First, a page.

The only financing they could get was a loan with a 21.2 percent interest rate. At the time, they were all still working at other jobs, helping out with the vineyard whenever they could.
Despite their hard work, Pablo and Juanita lost their jobs after they acquired the land. The family couldn't afford the loan payment, and the land had to be put up for sale. "Luckily, nobody bought it," says Amelia.
To save money, Amelia and Pedro, moved in with Pedro's parents. Pedro kept his job as an engineer and commuted 90 miles every day to San Jose for three years. Pablo and Juanita eventually got new jobs, and they were able to keep the vineyard. After their first successful harvest in 1988, they caught a second wind. Bit by bit, along with other investors, they purchased 113 acres.
In 1998, they launched the Ceja wine label. In April 2003, the Wine Appreciation Guild named Ceja the "Best New Winery." They're targeting the Hispanic niche by producing wines that pair well with spicy foods.
Although Amelia now hosts wine tastings for world-renowned chefs and celebrities, she never forgets that it all begins with the workers. "We wouldn't have a wine industry without the Mexican labor force. They are the true artisans," says Amelia. And, Pedro adds, "I would be very happy if we could serve as a spark for others – the kids in the barrios or on the farms. If they see me, a guy who was selling popcorn outside the church when he was six, maybe they'll say, 'Hey, if those crazy guys did it, why not me?'"
FROM CHILE TO THE BIG APPLE
Mario and Susana Tapia at the 2000 Golden Age Awards.
When Susana Tapia, 28, was working out of Puma's office in Germany, she often received two copies of Hispanic Business magazine. Both parents are avid readers of the magazine and they separately ordered gift subscriptions for her. Her mother Cecilia says, "Nobody's Latin there. I didn't want her to forget where she comes from."
"Reading the magazine articles fills me with encouragement and support from people who began like my parents, and made a better life for their families," Susana says.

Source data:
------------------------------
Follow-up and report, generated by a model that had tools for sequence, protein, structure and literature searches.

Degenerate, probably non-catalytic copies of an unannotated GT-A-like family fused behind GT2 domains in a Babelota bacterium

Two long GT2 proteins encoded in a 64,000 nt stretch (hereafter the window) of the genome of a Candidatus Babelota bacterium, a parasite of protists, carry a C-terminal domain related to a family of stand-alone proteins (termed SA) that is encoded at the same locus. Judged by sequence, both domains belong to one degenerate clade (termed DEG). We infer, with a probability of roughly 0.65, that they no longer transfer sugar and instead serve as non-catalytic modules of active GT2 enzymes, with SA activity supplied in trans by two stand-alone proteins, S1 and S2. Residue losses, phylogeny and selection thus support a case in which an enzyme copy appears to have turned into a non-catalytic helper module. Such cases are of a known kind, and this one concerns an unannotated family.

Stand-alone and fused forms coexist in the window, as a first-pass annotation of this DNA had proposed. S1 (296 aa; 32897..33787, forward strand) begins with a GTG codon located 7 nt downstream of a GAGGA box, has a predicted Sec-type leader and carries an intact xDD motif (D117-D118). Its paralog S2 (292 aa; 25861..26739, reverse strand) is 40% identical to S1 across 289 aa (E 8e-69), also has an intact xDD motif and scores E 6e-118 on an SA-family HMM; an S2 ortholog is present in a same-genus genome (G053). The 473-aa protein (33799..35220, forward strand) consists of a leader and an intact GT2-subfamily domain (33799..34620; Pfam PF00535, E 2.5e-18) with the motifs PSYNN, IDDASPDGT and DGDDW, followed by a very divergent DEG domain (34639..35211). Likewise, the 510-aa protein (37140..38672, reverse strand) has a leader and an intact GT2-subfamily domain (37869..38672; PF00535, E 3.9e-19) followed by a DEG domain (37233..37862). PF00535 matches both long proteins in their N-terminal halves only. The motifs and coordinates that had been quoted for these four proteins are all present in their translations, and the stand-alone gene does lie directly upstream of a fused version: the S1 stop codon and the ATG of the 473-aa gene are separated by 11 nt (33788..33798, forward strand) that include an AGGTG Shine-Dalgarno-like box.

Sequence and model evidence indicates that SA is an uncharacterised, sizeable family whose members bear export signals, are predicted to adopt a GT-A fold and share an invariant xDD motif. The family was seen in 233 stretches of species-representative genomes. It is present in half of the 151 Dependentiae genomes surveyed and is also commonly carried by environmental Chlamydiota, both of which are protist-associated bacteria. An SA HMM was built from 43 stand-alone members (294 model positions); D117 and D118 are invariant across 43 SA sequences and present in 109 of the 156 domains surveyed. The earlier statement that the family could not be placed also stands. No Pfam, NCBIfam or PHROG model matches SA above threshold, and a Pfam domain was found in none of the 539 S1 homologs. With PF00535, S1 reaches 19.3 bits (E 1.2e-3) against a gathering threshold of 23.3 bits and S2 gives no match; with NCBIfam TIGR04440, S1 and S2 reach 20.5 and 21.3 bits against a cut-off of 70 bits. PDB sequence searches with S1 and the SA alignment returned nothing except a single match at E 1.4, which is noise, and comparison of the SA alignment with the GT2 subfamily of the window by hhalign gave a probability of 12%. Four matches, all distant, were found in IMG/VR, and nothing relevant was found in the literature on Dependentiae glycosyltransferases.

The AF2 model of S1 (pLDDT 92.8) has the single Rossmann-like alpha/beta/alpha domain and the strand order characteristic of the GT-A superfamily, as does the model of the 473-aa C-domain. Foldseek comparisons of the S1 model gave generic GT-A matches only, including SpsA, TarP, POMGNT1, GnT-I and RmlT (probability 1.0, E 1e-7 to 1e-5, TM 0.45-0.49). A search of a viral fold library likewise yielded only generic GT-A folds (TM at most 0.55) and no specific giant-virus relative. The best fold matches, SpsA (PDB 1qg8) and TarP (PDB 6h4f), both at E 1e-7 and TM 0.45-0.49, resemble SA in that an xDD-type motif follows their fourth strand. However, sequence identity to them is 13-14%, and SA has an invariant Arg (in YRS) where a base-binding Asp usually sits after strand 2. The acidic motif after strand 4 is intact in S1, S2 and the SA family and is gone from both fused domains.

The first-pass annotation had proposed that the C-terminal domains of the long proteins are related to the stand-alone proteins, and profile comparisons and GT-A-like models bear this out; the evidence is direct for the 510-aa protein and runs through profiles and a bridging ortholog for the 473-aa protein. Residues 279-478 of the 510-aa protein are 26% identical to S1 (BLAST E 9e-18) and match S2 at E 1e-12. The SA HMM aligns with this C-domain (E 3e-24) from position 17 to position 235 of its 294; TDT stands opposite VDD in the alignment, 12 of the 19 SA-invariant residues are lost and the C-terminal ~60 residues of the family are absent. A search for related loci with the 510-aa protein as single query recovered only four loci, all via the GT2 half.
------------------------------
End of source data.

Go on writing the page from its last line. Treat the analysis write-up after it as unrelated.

Susana's father, Mario, 56, has been a subscriber since the magazine was launched in 1979. At the time, the Chilean immigrant was commuting from New Jersey to New York City. "I remember the very first issue. It gave me the feeling of, 'Hey, we are a community, a serious and hard-working community.' I used to take the train to work every day, and everyone around me was reading the Times or the Wall Street Journal; I felt proud to be reading Hispanic Business."
As Cecilia steadily worked her way up to her current position, vice president of customer service at Banco de Chile, she was particularly encouraged by the women featured in the magazine. "It made me so proud to see women getting top jobs. The stories about people who started from zero really inspired me," she says. Cecilia is one of the first women to reach the VP level in the bank's 200-year history.
Yet she still remembers what it's like to start from zero. Soon after she and Mario were married, Salvador Allende's socialist regime came to power in Chile. As groups opposing Allende grew more vocal, it became clear that Chile was facing years of political turmoil. Mario and Cecilia made the leap to the United States in 1974.
Although Mario had a master's degree in philosophy and education, the only work he could find was in the laundry room at a Travelodge in New Jersey. In 1977, Mario received his green card, and his employment options increased. He was hired as the assistant director of the Office on Aging in Somerset, New Jersey.
Mario, Cecilia, and their daughter Susana in 1978.
He was later recruited by the National Association for Hispanic Elderly, but after two years there, the group lost its funding. Although Mario was out of a job, he was still determined to continue the work. Along with some colleagues, he founded the Latino Gerontological Society in 1991, a nonprofit organization dedicated to education and advocacy for elderly Hispanics. His weapons in the battle are nonstop fundraising, outreach programs, and statistics, which he can readily recite. "In 1970, there were 50,000 Latino seniors in New York. Now there are 300,000. In 1970, there was one Latino senior in 20, and now it's 1 in 4. Around 42 percent of Latino seniors live alone. Two out of three retire into poverty," says Mario. He frequently testifies before the New York City Council and state commissions to offer recommendations for improving the lives of this still-burgeoning population.
For his efforts, in October 2003, Mario received the New York Post's Medal of Freedom at a ceremony hosted by Mayor Michael Bloomberg. The award honors "everyday New Yorkers whose unheralded goodness and grit, compassion and creativity, enrich the lives of their fellow citizens."
With such high-achieving parents, it may not be surprising that Susana also has made a name for herself in the business world. Soon after the Wharton graduate started at Puma, she noticed that the company's Web site was lacking, to say the least. It displayed the word "Puma" against a black screen – and nothing else. Working after-hours, she wrote all the content for the site, prodded programmers to take on extra work, and launched the shoe company's first online store. "I muscled my way in through hard work. Now the online store is responsible for 10 percent of worldwide sales," she says.
Soon she was in charge of her own department, the Global Strategic Planning Group. After five years at Puma, she recently launched Tapsus, a Miami-based brand management and consulting company.